HS2 Questions

Examining the issues around the proposed High Speed 2 route

HS2 delivers 30p benefit for every £1 invested

with one comment

The HS2 high speed train proposal Phase 1 will deliver just 30p for every £1 invested.

Analysis by HS2AA of the Department for Transport’s (DfT) new business case for High Speed Two – issued on the 28th February as part of the public consultation – has identified that the actual return on Phase 1 of the new line could be as low at 30p in the pound not the claimed £1.60.

The analysis also raises the question of whether the DfT are deliberately using misleading assumptions and an out-of-date model to shore up a business case that would otherwise collapse.

DFT Claims

The DFT suggests that Phase 1 of the line (London to West Midlands) will deliver a net benefit ratio of just 1.6 (2.0 with Wider Economic Impact). For the full ‘Y’ network a net benefit ratio of 2.2 (2.6 with Wider Economic Impact) is projected.

These new projections mean that the case for HS2 in value for money terms is at least a third worse than was originally predicted in March 2010.

DFT Assumptions

Even to reach these dramatically reduced ratios and worse business case the DFT has had to rely on a number of invalid assumptions. 

1.      Rail demand on key long distance routes will double

The DFT is over estimating demand for long distance train services by some 47%.

To reach this figure the DFT has used a short term forecasting model but applied it over 35 year period.  This is a 10 year increase on what was done in the March 2010 HS2 business case, which itself was longer than normally used. They also continue to use an out of date version of their model that exaggerates long distance demand, despite research they commissioned confirming its wrong.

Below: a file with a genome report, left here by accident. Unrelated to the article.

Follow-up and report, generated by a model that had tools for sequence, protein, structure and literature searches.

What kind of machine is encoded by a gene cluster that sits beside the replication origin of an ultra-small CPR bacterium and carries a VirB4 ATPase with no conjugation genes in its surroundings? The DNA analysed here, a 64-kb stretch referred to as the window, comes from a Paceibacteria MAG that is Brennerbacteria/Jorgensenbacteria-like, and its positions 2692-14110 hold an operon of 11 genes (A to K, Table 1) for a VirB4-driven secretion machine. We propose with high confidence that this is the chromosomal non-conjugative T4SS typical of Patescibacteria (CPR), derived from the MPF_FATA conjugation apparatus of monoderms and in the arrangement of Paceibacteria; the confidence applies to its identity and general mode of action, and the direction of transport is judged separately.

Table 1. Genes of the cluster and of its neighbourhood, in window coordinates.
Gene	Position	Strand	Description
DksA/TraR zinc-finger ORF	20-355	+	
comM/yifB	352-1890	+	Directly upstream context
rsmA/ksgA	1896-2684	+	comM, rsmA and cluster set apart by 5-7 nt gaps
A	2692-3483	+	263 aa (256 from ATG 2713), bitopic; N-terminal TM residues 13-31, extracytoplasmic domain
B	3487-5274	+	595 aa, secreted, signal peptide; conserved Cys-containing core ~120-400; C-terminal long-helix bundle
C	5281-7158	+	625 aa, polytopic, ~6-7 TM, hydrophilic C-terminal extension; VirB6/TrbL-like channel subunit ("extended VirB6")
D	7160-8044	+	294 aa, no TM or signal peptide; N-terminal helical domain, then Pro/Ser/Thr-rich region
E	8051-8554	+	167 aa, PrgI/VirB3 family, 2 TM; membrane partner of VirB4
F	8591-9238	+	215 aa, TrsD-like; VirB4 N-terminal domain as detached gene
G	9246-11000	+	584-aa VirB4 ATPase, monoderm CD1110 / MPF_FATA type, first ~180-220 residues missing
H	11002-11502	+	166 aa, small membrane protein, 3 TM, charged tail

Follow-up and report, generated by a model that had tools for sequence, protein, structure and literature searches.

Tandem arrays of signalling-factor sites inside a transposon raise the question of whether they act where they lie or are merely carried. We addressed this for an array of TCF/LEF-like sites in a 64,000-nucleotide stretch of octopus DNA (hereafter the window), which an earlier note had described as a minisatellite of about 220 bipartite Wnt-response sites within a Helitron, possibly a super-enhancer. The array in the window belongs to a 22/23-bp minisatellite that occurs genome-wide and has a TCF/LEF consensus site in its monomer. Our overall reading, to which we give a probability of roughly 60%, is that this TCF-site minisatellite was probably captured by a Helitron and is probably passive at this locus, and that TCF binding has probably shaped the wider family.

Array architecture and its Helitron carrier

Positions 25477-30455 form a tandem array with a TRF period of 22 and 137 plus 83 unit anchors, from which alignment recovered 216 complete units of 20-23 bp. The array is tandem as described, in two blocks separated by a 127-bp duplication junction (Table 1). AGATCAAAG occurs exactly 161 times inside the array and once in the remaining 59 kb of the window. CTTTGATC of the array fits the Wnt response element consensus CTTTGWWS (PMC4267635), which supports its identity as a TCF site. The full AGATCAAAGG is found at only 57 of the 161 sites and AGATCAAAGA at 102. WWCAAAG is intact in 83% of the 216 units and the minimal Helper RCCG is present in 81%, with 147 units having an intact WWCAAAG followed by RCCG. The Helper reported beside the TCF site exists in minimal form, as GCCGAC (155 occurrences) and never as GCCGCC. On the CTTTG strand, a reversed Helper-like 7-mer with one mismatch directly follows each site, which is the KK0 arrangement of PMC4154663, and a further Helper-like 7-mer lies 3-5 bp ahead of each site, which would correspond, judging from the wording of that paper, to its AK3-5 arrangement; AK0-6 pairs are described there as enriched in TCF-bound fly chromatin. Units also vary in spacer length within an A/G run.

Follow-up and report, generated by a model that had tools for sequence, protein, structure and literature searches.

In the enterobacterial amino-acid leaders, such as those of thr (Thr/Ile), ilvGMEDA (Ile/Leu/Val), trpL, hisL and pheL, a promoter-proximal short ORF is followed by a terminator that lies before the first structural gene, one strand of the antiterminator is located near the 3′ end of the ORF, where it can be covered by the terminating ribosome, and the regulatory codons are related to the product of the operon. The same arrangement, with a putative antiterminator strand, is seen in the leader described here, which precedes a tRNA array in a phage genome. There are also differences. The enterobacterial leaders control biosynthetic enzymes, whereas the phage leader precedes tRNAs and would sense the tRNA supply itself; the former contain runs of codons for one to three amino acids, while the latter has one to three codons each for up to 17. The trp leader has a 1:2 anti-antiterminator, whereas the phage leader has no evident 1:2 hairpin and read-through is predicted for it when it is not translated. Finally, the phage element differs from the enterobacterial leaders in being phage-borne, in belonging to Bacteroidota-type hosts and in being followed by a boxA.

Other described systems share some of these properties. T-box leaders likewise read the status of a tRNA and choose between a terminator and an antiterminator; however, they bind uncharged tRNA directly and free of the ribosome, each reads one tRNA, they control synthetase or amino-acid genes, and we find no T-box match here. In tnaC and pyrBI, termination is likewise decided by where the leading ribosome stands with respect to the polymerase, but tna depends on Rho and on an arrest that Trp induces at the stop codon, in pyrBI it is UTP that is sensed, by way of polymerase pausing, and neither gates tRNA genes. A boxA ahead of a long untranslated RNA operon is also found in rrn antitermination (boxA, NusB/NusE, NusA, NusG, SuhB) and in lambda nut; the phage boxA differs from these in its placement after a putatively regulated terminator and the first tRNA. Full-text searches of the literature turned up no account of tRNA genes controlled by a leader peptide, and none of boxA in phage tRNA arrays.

2.      Time spent on trains is currently wholly unproductive

DFT suggests that correcting this obvious factual inaccuracy would make no difference to the overall benefit as crowding benefits and transfer from air and car would replace the claimed gain.

This ignores the fact that upgrading existing infrastructure will deliver less crowded trains and that air passengers will shortly benefit from the same mobile technologies as rail, and be as productive as rail travellers. Passengers switching from car to HS2 will account for just seven percent of all passengers.

3.      Reduced crowding and shorter waiting times will deliver benefits

When compared to upgrading the existing rail system these benefits disappear. Rail Package 2 delivers a load factor of 51% while HS2 has a load factor of 58%.

Commenting on the analysis of the DfT’s HS2 business case, Bruce Weston, Director, HS2AA said;

“HS2 is set to give a colossally poor return on investment.  When you re-do the DFT’s sums using realistic methodologies the taxpayer gets back just 30 pence for every pound spent on Phase 1 and 40p in the pound for the full ‘Y’ network. Even if you include the wider economic impacts the return only rises to a 50p return in the pound for Phase 1 and 60p for the full “Y”.  It simply does not make sense to spend over £30 billion pounds on HS2 when alternatives, identified by DfT themselves, would deliver a better, cheaper and greener solution and one that can meet the required capacity.”

Net Benefit Ratio Summary (economic and social benefits per £1 of subsidy) 

Net Benefit Ratios DFT Figures

March 2010

DFT Figures

February 2011

HS2AA

Analysis of February 2011 figures

Phase 1 £2.40 £1.60 30p
Phase 1 with wider economic benefits £2.70 £2.20 50p
Full ‘Y’ £4.0 £2.20 40p
Full ‘Y’ with wider economic benefits £4.3 (estimated) £2.60 60p
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Written by hs2questions

March 30, 2011 at 11:36 am

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  1. […] This post was Twitted by BrumAgainstHS2 […]

    Twitted by BrumAgainstHS2

    August 12, 2011 at 7:25 pm


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